Milan is an often overlooked city on many Italy travelers’ itineraries. But once you compare airfare to Milan and realize it makes an excellent spot to fly into when touring northern Italy, you’ll definitely want to spend some time in the city center. If you find yourself with a day on either end of your trip, here are some things to do in Milan that will give you the best of what the city has to offer.
The best place to begin any visit to Milan is at the Duomo. This iconic church has a piazza outside which is perfect for a sit down to get your bearings for a few minutes and adjust to Milanese life. After a few minutes watching the world go by, you can enter the church for free (you know I love free). While the interior is well worth taking some time to soak up, it is the Duomo’s roof which is its major attraction.
You can actually walk on the roof of the Duomo, which offers some reasonable views across the city in good weather. Wandering through the church’s spires is an interesting way to spend an hour or two and you should be rewarded for your efforts with a closer view of the city’s symbol, the Golden Madonna, which is set atop one of the spires.
If architecture is your thing, then a visit to Sforza Castle may be in order. With its original foundations dating back to 1358, the castle is steeped in Milan’s history. However, it wasn’t until 1450 that Francesco Sforza, a military power figure during the renaissance period, decided to turn it into his permanent residence and began the long process of construction that would culminate in the castle we see today.
The construction period extended beyond his lifetime and, most notably, Francesco’s fourth son, Ludovico Sforza, drafted in the likes of Leonardo Da Vinci and other renaissance artists to decorate the castle. Coincidentally, Ludovico is also the man who commissioned ‘The Last Supper’.
Speaking of Da Vinci, his great work, ‘The Last Supper’ is also housed in Milan. The Santa Maria delle Grazie church limits the amount of time which visitors can stay in the same room as the work by selling tickets. And since tickets are often sold out weeks and even months in advance, if you want to include this highlight of the city in your day in Milan, make sure you plan ahead.
The Galleria Vittorio Emanuele II is the oldest shopping mall in Italy and has an unusual local tradition associated with it which makes it even more worth checking out. In the middle of the mall are four tiled areas representing four northern Italian cities. Turin is represented by a bull. His, ahem, manly bits, have been worn down over the years because people believe that spinning on that particular spot brings good luck. So, spin away.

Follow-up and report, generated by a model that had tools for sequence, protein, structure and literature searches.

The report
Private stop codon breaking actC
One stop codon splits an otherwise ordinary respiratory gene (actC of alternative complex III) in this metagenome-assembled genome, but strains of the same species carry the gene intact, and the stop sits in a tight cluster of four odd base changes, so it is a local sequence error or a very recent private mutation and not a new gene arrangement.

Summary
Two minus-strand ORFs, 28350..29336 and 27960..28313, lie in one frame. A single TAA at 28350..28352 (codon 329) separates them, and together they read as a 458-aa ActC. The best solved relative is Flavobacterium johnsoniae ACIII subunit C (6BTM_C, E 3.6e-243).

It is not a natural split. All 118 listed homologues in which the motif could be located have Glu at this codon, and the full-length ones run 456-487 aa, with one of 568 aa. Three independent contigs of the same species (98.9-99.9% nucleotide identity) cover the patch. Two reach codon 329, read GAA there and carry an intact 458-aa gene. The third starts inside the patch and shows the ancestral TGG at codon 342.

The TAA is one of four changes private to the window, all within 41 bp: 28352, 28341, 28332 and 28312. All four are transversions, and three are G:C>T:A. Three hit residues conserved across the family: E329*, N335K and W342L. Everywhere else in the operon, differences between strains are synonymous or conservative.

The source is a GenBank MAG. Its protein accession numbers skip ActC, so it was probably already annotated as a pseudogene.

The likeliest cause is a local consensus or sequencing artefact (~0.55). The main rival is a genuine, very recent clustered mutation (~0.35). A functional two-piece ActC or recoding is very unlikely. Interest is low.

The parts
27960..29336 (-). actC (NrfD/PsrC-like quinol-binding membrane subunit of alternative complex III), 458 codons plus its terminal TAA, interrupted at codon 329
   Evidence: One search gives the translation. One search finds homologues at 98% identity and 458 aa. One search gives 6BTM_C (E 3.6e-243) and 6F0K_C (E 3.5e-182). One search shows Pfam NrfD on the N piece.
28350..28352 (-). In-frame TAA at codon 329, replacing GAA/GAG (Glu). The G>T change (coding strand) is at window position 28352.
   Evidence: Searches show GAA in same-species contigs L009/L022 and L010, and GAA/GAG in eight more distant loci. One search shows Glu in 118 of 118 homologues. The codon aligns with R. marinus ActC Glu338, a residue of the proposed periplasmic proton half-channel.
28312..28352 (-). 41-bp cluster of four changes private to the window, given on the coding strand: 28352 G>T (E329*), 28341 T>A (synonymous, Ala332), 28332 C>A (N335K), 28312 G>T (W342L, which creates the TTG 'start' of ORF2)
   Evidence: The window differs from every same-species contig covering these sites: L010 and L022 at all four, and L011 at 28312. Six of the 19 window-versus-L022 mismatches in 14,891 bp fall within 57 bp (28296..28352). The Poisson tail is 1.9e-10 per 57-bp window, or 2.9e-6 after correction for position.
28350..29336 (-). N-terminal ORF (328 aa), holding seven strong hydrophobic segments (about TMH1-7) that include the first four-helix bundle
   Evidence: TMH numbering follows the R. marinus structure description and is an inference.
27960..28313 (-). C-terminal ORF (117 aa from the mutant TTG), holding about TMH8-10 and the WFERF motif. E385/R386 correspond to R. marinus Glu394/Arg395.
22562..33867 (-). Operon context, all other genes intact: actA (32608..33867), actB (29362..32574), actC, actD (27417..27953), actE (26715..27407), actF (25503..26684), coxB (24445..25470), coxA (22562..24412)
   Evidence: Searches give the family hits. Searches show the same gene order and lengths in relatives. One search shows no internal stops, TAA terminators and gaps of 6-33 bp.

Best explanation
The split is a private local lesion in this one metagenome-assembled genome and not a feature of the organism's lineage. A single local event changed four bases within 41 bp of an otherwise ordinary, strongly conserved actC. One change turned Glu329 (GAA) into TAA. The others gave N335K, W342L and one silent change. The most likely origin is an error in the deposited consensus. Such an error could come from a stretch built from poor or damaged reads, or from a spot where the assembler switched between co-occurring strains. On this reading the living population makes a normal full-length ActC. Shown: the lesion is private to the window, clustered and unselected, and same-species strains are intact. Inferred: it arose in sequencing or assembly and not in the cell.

La Scala is Milan’s famous opera house and while you may not have time to see a show, it’s well worth making some time to visit the museum, which means you also get a chance to see inside the theatre itself, if only briefly. It’s still less expensive and time-consuming than going to see an actual show. And you won’t have to pack a ball gown.
As the day draws to an end, you’ll want to get yourself to a good spot like Radesky Café, Corso Como 10 or Obikà for aperitivo: the cities almost beatified period between six and eight in the evening, when the bars throw open their doors for pre-dinner drinks, served with a host of complimentary food. Not something to miss out on!
If you’re not interested in seeing art, museums or typical tourist activities alone, perhaps spending time with a local in Milan and experiencing the city through their eyes would be more your style. You could even dine with a local family in their home – what could be more memorable that that?
Milan has a lot to see beyond this, but these suggestions will give you a taste of northern Italy’s business metropolis if you only have a day to spare.
Want to make the most of your time in Milan by hiring a guide, or arranging a private visit to the last supper, get in touch – I’d love to help!
Photo Credits Flickr : Taboada Testa, Maesk, Keith Havercroft, From the North